Crowds filled the Bloor Street United Church the night of Monday, January 21, right up to the second balcony's Gothic arches, to hear Middle East oracle Robert Fisk do a job on Western foreign policy obfuscations.
The multiple-award-winning reporter for The Independent in England, who has covered everything from the Iranian revolution in the 70s and the Lebanese civil conflict to the Iraq and Afghanistan wars, and counts Saddam Hussein and Osama bin Laden among his interview subjects, is easily the world's most famous foreign correspondent - which means he's earned the right to make caustic comments about how foreign affairs departments chronically get the Muslim world dead wrong.
"We think we know their history better than they do," he complains. Or put another way: "If Tony Blair has such a close relationship with God, why didn't God give him any advice [on Iraq]?
Sitting a little nearer to God myself, way up in the rafters, I look down at the globe-trotting icon in his sedate grey crewneck sweater and feel a titch envious - a stay-at-home journo's quiet reflection on Fisk's brilliant ease in international hot spots.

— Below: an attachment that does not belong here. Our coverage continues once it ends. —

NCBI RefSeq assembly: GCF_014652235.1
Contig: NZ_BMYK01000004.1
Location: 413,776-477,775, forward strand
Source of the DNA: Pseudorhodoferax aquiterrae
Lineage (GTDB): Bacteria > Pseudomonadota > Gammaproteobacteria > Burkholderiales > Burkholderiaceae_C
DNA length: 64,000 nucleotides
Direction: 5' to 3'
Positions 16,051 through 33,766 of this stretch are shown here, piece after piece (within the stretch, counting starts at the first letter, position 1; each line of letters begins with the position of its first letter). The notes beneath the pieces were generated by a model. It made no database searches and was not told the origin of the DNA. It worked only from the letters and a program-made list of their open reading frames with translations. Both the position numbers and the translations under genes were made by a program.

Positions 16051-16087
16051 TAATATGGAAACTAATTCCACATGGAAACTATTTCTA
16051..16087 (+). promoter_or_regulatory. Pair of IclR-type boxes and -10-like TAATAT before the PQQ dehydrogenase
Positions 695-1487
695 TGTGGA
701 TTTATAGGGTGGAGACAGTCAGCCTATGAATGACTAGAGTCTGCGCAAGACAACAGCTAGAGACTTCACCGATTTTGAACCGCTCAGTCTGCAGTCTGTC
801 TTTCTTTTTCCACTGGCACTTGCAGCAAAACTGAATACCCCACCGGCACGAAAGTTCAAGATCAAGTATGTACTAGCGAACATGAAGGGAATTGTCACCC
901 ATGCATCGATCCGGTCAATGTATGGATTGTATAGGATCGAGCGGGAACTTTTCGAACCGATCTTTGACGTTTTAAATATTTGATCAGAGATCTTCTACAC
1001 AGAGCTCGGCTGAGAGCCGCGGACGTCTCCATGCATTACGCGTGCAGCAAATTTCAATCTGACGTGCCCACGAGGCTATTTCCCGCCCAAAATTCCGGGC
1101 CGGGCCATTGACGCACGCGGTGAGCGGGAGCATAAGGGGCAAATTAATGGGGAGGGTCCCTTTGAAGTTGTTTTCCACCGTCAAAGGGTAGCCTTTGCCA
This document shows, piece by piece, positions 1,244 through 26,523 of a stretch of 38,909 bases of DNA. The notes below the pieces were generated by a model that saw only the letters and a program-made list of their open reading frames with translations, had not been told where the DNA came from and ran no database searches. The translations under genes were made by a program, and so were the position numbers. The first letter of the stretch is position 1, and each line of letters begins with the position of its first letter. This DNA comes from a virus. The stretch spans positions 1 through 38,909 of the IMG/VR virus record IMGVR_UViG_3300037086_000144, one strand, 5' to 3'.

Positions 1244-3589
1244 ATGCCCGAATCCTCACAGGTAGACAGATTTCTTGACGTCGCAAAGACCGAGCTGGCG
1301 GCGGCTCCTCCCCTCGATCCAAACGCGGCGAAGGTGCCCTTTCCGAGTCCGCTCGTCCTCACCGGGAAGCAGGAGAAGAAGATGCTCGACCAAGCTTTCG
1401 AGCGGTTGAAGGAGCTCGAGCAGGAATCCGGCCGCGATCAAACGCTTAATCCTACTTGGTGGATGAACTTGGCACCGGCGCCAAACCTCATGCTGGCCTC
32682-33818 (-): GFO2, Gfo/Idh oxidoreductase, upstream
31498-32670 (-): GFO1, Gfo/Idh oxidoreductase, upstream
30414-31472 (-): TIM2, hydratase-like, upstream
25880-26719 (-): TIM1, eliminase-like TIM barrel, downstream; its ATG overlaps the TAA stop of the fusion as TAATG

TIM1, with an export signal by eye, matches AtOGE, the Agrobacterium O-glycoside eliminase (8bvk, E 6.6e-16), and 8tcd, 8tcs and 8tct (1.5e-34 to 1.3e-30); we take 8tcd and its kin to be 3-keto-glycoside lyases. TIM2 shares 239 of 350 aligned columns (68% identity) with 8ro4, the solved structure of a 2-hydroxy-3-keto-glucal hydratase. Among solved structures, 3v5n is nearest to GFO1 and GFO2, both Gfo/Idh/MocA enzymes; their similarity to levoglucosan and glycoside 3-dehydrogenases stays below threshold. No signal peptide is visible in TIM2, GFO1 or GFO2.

This is a world-class raconteur, I think, maybe what comes from four decades of meeting interesting players in dramatic circumstances. It certainly offers him licence to say with gravitas what might sound self-righteous in other mouths: journalism is about being "neutral and impartial on behalf of those who suffer."
So here are some of the Beirut-based Brit's kaleidoscopic insights.
Mali: "It's not part of the war on terror; it's a civil war." Syria: "We have a habit of saying if someone is evil, they are going to lose. Seventy per cent of Aleppo, which is bigger than Damascus, is with Bashar." Palestine: "There will not be a Palestine state- there is no room." Egypt: "Give Morsi a chance. He's only had 100 days."
"We must stop sending our M1A1 tanks, Apache helicopters and M16s,'' he says. "The Arab world doesn't belong to us."